Skip to content

Getting skin-deep with DIY tattoos

Two tattoo artists of different stripes offer thoughts on the craft

A cursory glance around at the patrons of most Montreal bars is all but guaranteed to catch a few tattoos, as they continue to rise in popularity among people from all walks of life. For those appreciative of the art, but hesitant to shell out the hefty fees, DIY or “stick-n-poke” tattoos (so named for their method of delivery – by hand rather than machine) are a common alternative, especially among students.

Technically speaking, machine-free tattooing has a long and diverse tradition worldwide. It can be performed by professionals and amateurs alike, with no need for specialized equipment: anything from flame-sterilized sewing needles to the professional-grade needles normally used in tattoo machines can be used; the method is what dictates its categorization. Yet, in the North American public eye at least, hand-poked tattoos are often seen as being poor quality, or “shady” (or both), depending on the circumstances – punk or prisoner.

I spoke with Isabella Mancini, a recent McGill graduate who has, by her estimate, given 30 to 35 stick-n-poke tattoos, normally as a pre-party favour when she plays host to a large group. Having seen her work on friends, the tattoos she gives are normally simple line drawings – a small skull, a symbol of Venus, a squiggly line – delivered by sewing needle and India ink. “I think it’s fun. I think it’s a cool, alternative, free way to get a tattoo, if it’s something simple enough,” she said.

In contrast, Rian Desourdie, an apprentice tattoo artist at Montreal’s Studio Artease, was quick to note that while she does not speak for all professional tattoo artists, “everyone in the shop had the same opinion without even talking … We frown upon it.” She explained, “Proper hygiene practices, the risk of getting an infection, people not really knowing what depth to go when they do a stick-n-poke. These are all things that we’ve learned and been trained and certified in.”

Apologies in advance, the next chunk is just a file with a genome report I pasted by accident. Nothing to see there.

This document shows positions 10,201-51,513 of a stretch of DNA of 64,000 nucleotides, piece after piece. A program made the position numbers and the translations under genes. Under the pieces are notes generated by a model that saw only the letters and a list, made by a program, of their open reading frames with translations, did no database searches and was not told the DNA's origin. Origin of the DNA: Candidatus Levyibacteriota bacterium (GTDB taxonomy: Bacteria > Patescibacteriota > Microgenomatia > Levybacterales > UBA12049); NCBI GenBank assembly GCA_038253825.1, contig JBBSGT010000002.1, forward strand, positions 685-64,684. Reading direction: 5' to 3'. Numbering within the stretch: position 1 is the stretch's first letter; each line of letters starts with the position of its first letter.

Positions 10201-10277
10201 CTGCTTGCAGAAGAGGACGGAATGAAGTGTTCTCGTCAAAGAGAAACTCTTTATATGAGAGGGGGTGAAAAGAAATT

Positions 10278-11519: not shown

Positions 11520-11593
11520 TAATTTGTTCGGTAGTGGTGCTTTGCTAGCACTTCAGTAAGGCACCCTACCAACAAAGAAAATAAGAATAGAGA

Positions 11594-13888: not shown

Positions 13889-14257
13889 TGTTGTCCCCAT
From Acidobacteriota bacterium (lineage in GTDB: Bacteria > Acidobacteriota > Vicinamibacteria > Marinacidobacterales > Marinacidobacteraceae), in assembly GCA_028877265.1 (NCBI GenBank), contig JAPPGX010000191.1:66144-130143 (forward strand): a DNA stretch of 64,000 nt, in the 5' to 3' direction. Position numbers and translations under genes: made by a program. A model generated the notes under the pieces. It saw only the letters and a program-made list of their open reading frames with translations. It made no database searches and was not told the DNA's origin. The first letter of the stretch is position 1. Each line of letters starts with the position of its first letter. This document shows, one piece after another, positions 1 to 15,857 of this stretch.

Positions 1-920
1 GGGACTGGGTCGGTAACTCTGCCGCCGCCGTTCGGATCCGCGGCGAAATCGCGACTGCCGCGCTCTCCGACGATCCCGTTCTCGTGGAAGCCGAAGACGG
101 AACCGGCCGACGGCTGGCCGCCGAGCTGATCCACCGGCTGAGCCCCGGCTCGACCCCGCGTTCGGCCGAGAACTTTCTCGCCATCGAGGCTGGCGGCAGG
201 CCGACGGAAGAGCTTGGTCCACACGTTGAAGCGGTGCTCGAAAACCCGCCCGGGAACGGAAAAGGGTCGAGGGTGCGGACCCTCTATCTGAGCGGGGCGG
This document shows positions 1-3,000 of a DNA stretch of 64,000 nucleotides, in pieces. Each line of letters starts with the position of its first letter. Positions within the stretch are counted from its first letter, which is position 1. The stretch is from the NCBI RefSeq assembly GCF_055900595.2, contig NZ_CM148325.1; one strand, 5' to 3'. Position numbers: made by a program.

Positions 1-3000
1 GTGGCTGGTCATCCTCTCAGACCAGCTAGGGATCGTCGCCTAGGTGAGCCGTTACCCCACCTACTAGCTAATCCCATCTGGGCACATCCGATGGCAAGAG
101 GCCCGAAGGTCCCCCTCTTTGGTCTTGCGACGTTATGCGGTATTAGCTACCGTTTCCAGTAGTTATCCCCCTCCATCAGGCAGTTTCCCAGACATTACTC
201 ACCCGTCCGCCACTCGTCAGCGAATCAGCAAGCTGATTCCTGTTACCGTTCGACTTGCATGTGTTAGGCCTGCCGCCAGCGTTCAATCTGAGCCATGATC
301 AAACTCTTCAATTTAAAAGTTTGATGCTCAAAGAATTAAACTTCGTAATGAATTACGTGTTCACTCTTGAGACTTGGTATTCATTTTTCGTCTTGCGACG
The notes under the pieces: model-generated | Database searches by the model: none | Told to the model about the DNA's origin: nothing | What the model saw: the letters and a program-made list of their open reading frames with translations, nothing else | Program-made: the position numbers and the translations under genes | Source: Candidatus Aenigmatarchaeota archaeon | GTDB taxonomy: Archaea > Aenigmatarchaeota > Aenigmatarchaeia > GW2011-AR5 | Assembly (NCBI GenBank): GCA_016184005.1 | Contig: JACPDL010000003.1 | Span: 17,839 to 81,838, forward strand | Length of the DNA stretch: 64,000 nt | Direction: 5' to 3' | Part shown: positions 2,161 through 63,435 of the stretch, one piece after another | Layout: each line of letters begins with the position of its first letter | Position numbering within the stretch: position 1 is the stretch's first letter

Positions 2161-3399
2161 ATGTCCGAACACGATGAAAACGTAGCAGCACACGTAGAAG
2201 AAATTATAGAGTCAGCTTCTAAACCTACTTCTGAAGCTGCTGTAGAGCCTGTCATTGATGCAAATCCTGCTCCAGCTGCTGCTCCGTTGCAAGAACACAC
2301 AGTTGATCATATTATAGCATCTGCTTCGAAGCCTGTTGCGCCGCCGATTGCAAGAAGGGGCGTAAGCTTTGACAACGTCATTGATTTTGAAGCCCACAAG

To Desourdie, aesthetics are only secondary to sanitation. Referring to blog posts she’s seen offering inadequate safety tips, she has little confidence in amateurs’ abilities to adhere to the industry’s high standards of care. After our interview, she brought up a Google image search of stick-n-pokes. Looking through the photos, she and the counter staff at Studio Artease acknowledged that some of the tattoos were clearly made by someone with decent artistic ability, “at least as good as some apprentices.” But she acknowledged grotesque images of infections or scarring as the best arguments for professional tattooing.

Mancini herself said that when she started, her methods were “very unsanitary, like ‘let’s all just use the same jar of ink,’” though now she makes sure to be “as clean as possible.” While Desourdie told me it’s possible for a stick-n-poke to be done and later cared for without issue, she doesn’t find the risk is worth it.

Desourdie also spoke of the way tattooing has become increasingly legitimized as an art form, a path she believes the industry has been painstakingly paving for decades. To her, DIY tattoos are “reverting back to these poorly-done stick-n-poke tattoos that are kind of an echo of prison tattoos. It’s not something I think you should really celebrate.” Speaking about the same type of pre-party get-together that Mancini has hosted, she finds that, “It’s very much that fad mentality … It’s a rebel thing to do.”

Having heard anecdotes from people with stick-n-pokes, the intimacy, low cost, and bonding between friends seem high on the list of reasons to opt for a stick-n-poke. Mancini said of her motivations, “There are certain things that, to me, make more sense to do DIY and to do it in your living room.” Pointing, as examples, to an anarcha-feminist symbol on her thigh, and matching S.C.U.M. (Society for Cutting Up Men) tattoos she’s given to several people, Mancini finds some tattoos better delivered by the hand of a good friend, but she also acknowledges the place of a professional piece. “I like studio tattoos because I like really big, beautiful, colourful tattoos, and I acknowledge that I’m not able to give those to myself, or to have a friend do it.” Here, the two artists may agree, as Desourdie told me about her first tattoo: “Because I’m an artist, I didn’t care about price. I just wanted awesome art. Tattoos are expensive, but they are a lifetime.”

While Desourdie refers to stick-n-pokes as “a fad that’s permanent,” Mancini recognizes that permanence in a different light. “I like that it’s DIY, I think it’s really cool and important…to have a tattoo that your friend gave you, and to have that on you for the rest of your life.”